The final run of Massive Product moves was a great climax, ending with their assisted piledriver/suicide dive combo, just as they won on Nights 2 and 3. Starr and Simmons sweep the group and strip long-time rivals RISE of the Tag Team Championships, which will be contested in the final of this tournament. A satisfying match that paid off Massive Product’s fight against RISE as well as making perfect sense in a vacuum. RISE relinquish their Tag Team Championships by failing to make the tournament final. ***

Ringkampf [6] def. EYFBO [3]

EYFBO rounded off their excellent weekend with another strong performance here. I and most of the other Brits abroad didn’t know much about EYFBO coming in, but they were here to make an impression on a different audience and they certainly made it, showing off creativity in abundance while displaying their infectious personalities well. They also didn’t mind getting chucked about by Ringkampf here and making them look even better than they already did. WALTER powerbombing Drastik onto Ortiz or big booting Drastik so hard his bandana fell off made for some great visuals and showcased the instant chemistry these teams had. In general, Thatcher took the EYFBO double teams while WALTER took hot tags and cleaned house, but the match was never tied down by its formula. Everything felt intense and physical, even the niftier EYFBO moves. That’s a boon for them, because no-one likes a flippy tag team who don’t look like they could hurt a fly. Instead they are physical yet nimble, fun personalities but never goofy.

In the end though, they are there to fall to the Ringkampf assisted powerbomb that put away The Briscoes on Night 1 as well. Ringkampf looked like absolute bosses throughout Group A, only losing to The Rottweilers because they made it an unconventional brawl – in the ring, Ringkampf have been unbeatable. EYFBO get a lot of love from the wXw fans post-match, they definitely succeeded in making an impression in Europe and hopefully get plenty more opportunities to come over. ***½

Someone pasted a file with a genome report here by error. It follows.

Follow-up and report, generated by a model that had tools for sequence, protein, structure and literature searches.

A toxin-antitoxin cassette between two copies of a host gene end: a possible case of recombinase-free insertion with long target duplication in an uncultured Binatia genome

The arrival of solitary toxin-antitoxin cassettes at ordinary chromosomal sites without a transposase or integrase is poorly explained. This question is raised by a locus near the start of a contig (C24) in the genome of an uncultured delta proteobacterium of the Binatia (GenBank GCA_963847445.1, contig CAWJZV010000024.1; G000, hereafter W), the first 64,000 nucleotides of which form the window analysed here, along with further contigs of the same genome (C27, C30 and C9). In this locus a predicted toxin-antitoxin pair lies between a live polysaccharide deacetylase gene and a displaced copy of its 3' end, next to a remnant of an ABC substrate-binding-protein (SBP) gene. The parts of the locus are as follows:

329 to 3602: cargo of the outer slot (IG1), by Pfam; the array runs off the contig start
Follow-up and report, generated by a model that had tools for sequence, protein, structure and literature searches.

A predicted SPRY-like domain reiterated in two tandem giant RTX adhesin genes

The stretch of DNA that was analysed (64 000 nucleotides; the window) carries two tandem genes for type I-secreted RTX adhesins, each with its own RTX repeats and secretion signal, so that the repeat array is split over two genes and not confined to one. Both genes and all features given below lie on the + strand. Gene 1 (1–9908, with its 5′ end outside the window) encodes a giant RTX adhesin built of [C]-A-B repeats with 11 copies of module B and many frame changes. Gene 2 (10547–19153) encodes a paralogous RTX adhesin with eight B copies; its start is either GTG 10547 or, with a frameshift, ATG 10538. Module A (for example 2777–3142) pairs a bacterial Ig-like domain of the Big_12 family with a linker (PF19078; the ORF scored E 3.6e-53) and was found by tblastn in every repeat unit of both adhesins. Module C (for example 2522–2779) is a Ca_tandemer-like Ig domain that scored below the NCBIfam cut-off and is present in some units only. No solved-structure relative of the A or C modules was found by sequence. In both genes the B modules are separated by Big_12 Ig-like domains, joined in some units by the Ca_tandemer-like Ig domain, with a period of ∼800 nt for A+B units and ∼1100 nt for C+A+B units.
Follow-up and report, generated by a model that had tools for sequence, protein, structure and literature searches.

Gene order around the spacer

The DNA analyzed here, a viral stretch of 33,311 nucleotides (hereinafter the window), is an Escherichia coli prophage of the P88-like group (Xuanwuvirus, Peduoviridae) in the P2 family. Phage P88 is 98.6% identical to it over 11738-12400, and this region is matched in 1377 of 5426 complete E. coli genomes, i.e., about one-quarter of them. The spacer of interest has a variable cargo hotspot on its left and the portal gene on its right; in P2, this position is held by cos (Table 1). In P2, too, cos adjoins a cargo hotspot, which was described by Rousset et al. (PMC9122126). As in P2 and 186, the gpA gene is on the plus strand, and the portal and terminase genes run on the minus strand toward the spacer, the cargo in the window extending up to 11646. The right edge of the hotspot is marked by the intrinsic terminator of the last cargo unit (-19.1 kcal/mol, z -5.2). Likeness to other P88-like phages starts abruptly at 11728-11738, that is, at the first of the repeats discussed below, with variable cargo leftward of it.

Bad Bones and his RISE goons came out, for the first time with new member Da Mack in tow. Mack was trained by Bones and helped him defend the Unified Title last night against Ilja Dragunov, so he’s automatically getting preferential treatment. He gets to stand just behind and off the shoulder of Bones, while the other RISE guys stand further behind. It’s such a simple visual but it says so much about Mack’s importance in the group and his relationship with Bones. A lesser promotion would never have thought about it but wXw deliver in the details.

Bones didn’t get to say much before Julian Nero of all people interrupted him. He began with his Nero Consulting shtick but declared war on RISE by cackling maniacally and heralding the return of Cerberus, the old big heel faction in wXw. The music blared, the titantron changed, and Adam Polak brought out Avalanche and Ilja Dragunov, forming his three-headed dog. Then for an even bigger reaction, he brought out Dirty Dragan, the group’s former drug dealer and belated fourth member. This was such a well put together moment, with the old heel act forming up against the new one. It had been built to over the weekend with Nero and Da Mack crossing paths, Avalanche getting frustrated with Ivan Kiev in their Shotgun title matches, and of course Ilja getting screwed by Bad Bones in the title match, so everyone had a motive and Dirty Dragan just wants to be loved, so of course he was also in there.

Cerberus (Ilja Dragunov, Avalanche, Julian Nero and Dirty Dragan) def. RISE (Bad Bones, Da Mack, Ivan Kiev and Pete Bouncer)

Cerberus stormed the ring rather ineffectually, because within a minute Bad Bones and Da Mack had control of the match. Alan Counihan and Rico Bushido on commentary focussed on Da Mack’s new heel character, noting that he looked “dead inside”. He’s been run out of his hometown, lost many matches, and now has sold his soul to the devil in his ear. Throughout this match he stood with his arms by his sides with his face remaining unflinching. The old Da Mack is still somewhere inside him, but he’s repressed it deep down. Intriguing character work.